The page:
Cognitive dysfunction occurs in up to 70% of aneurysmal subarachnoid hemorrhage (aSAH) survivors. Low-dose intravenous heparin (LDIVH) infusion using the Maryland protocol was recently shown to reduce clinical vasospasm and vasospasm-related infarction. In this study, the Montreal Cognitive Assessment (MoCA) was used to evaluate cognitive changes in aSAH patients treated with the Maryland LDIVH protocol compared with controls.

METHODS

A retrospective analysis of all patients treated for aSAH between July 2009 and April 2014 was conducted. Beginning in 2012, aSAH patients were treated with LDIVH in the postprocedural period. The MoCA was administered to all aSAH survivors prospectively during routine follow-up visits, at least 3 months after aSAH, by trained staff blinded to treatment status. Mean MoCA scores were compared between groups, and regression analyses were performed for relevant factors.

RESULTS

No significant differences in baseline characteristics were observed between groups. The mean MoCA score for the LDIVH group (n = 25) was 26.4 compared with 22.7 in controls (n = 22) (p = 0.013). Serious cognitive impairment (MoCA ≤ 20) was observed in 32% of controls compared with 0% in the LDIVH group (p = 0.008). Linear regression analysis demonstrated that only LDIVH was associated with a positive influence on MoCA scores (β = 3.68, p =0.019), whereas anterior communicating artery aneurysms and fevers were negatively associated with MoCA scores. Multivariable linear regression analysis resulted in all 3 factors maintaining significance. There were no treatment complications.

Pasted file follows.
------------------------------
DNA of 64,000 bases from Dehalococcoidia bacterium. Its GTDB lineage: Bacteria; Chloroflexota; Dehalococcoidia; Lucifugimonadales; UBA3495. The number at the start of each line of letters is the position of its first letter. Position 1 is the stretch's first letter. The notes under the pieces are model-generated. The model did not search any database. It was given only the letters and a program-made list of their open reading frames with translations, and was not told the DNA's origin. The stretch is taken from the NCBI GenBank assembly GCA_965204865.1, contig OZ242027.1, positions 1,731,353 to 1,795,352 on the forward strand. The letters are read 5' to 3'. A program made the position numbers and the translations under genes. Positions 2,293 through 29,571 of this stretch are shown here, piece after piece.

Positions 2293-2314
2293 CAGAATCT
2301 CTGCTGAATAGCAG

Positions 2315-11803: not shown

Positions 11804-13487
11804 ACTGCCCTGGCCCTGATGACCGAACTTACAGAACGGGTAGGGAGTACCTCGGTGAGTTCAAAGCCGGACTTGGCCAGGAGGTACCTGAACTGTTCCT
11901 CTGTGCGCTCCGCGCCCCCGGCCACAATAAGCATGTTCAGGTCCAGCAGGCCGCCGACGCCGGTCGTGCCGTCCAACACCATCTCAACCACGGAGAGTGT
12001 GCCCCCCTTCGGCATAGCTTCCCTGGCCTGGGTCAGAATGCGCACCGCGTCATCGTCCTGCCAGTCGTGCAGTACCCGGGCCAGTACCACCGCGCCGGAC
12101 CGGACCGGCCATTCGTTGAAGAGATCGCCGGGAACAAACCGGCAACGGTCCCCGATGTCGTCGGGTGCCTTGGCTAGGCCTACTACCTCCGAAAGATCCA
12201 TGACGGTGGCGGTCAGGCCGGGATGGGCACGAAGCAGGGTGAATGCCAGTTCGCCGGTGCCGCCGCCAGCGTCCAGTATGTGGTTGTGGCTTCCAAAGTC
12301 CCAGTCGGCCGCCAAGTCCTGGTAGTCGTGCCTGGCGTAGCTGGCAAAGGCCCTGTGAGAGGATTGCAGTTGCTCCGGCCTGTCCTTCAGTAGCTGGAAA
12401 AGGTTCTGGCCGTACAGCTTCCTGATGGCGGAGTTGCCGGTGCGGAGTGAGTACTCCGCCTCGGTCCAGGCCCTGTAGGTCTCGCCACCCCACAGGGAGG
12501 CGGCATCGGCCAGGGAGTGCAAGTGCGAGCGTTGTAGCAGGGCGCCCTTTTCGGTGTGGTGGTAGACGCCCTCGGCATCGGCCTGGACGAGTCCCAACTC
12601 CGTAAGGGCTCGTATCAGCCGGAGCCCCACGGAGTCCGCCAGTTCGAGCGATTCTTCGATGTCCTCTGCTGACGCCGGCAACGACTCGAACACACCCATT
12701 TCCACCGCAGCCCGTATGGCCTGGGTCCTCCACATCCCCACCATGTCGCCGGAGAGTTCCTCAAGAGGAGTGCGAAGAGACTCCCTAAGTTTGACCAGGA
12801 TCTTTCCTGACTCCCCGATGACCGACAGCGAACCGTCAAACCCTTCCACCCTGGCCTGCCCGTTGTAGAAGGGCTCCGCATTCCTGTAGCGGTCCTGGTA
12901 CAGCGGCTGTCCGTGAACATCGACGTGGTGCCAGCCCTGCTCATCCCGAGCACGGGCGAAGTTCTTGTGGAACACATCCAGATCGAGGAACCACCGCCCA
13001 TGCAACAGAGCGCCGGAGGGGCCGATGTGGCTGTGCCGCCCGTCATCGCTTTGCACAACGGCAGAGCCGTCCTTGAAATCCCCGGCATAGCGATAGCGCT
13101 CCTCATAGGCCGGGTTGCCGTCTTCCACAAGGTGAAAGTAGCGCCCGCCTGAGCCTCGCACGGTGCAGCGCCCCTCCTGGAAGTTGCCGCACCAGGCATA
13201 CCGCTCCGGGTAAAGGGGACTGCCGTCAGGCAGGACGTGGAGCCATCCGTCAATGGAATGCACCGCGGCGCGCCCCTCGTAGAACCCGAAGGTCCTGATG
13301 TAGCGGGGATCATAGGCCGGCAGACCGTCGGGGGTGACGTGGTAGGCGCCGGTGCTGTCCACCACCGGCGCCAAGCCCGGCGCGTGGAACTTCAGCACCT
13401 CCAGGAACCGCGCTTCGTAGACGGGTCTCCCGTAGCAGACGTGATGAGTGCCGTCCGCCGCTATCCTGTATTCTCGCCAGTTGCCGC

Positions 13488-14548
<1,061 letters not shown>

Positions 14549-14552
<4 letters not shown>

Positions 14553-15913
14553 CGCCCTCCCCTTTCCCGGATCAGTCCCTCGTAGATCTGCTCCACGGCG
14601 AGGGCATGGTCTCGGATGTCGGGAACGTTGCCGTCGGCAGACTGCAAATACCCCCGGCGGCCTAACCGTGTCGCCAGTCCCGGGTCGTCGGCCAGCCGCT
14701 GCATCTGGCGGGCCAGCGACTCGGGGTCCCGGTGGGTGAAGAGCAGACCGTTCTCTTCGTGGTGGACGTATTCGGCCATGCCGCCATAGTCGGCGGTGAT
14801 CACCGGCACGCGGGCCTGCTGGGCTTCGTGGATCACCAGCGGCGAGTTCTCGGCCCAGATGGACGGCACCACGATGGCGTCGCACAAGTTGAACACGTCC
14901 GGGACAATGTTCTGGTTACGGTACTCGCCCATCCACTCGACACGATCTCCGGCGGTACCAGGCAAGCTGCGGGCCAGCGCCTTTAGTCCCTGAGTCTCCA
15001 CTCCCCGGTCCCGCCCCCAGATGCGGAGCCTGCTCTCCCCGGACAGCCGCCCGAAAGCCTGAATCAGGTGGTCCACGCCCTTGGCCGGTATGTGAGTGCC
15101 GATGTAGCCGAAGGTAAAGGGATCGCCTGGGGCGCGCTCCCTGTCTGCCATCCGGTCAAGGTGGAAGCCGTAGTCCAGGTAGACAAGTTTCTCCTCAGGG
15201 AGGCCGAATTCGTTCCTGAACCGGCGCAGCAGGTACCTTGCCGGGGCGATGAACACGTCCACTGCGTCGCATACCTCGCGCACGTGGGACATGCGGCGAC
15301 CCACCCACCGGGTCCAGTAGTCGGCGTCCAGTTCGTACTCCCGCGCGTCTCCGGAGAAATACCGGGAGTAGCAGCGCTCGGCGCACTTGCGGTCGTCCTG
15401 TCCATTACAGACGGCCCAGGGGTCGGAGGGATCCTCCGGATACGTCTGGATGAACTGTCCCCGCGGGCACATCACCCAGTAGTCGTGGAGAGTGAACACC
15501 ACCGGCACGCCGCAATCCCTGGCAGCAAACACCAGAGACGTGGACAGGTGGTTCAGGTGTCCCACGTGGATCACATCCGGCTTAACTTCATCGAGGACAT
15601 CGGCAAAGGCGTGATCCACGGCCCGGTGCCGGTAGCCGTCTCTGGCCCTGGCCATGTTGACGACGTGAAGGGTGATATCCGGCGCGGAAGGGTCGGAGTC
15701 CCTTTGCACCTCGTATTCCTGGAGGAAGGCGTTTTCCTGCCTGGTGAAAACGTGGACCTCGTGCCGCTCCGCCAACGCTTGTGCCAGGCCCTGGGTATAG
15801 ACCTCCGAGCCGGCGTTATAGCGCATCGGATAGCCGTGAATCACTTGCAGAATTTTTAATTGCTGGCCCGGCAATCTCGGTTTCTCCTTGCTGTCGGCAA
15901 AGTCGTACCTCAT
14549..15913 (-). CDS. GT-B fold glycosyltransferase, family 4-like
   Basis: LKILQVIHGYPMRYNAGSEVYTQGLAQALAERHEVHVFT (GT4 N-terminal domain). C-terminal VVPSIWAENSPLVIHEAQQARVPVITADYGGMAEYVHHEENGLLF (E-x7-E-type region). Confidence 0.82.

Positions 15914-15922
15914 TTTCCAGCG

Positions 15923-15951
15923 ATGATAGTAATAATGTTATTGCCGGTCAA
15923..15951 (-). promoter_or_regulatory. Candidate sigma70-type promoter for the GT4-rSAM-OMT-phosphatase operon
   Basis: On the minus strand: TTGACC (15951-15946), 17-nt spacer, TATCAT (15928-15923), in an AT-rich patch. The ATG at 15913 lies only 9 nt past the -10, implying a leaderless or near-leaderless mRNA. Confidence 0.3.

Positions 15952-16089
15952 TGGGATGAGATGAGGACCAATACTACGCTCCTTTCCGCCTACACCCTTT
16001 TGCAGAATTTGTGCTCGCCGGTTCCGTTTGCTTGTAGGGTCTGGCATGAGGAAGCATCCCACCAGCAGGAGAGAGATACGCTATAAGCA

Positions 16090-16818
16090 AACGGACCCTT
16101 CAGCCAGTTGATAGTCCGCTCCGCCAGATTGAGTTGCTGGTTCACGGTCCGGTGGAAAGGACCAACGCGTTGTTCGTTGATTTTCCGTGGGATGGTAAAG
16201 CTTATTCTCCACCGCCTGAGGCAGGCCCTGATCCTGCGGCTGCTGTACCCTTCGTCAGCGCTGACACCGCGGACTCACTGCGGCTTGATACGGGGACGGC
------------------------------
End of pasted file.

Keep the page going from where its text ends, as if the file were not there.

CONCLUSIONS

This preliminary study suggests that the Maryland LDIVH protocol may improve cognitive outcomes in aSAH patients. A randomized controlled trial is needed to determine the safety and potential benefit of unfractionated heparin in aSAH patients.

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Harry S. Greenberg, William F. Chandler, Richard F. Diaz, William D. Ensminger, Larry Junck, Michaelyn A. Page, Stephen S. Gebarski, Paul McKeever, Terry W. Hood, Philip L. Stetson, Allen S. Litchter and Roberta Tankanow

✓ Bromodeoxyuridine (BUdR), a nonhypoxic radiosensitizing drug, is a halogenated pyrimidine analog that is incorporated into the deoxyribonucleic acid of dividing cells in a competitive process with thymidine; BUdR also sensitizes these cells to radiation therapy. Neurons and glial cells have a very low mitotic rate. They will not incorporate BUdR and will not be sensitized. Bromodeoxyuridine is best delivered intra-arterially because of its regional advantage, calculated to be between 6 and 16. An 8-week BUdR infusion is delivered before and during radiation therapy through a permanently implanted pump with a catheter placed retrograde into the external carotid artery. Eighteen patients with malignant glioma (15 grade IV, and three grade III) were entered into a Phase I dose-escalation protocol with BUdR dosages ranging from 400 to 600 mg/sq m/day. The maximum dose that can be tolerated appears to be 400 mg/sq m/day for 8 weeks. The 18 patients entered in this study have a median Kaplan-Meier estimated survival time (± standard error of the mean) of 22 ± 5 months with 11 patients still alive. Three patients are alive at 30, 29, and 21 months after diagnosis with no evidence of tumor on computerized tomography. There have been no vascular complications. Side effects in all patients have included anorexia, fatigue, ipsilateral forehead dermatitis, blepharitis, iritis, and nail ridging. Myelosuppression requiring dose reduction occurred in one patient. One patient had a Stevens-Johnson syndrome requiring termination of BUdR. It is concluded that intra-arterial BUdR may improve survival times in patients with malignant gliomas.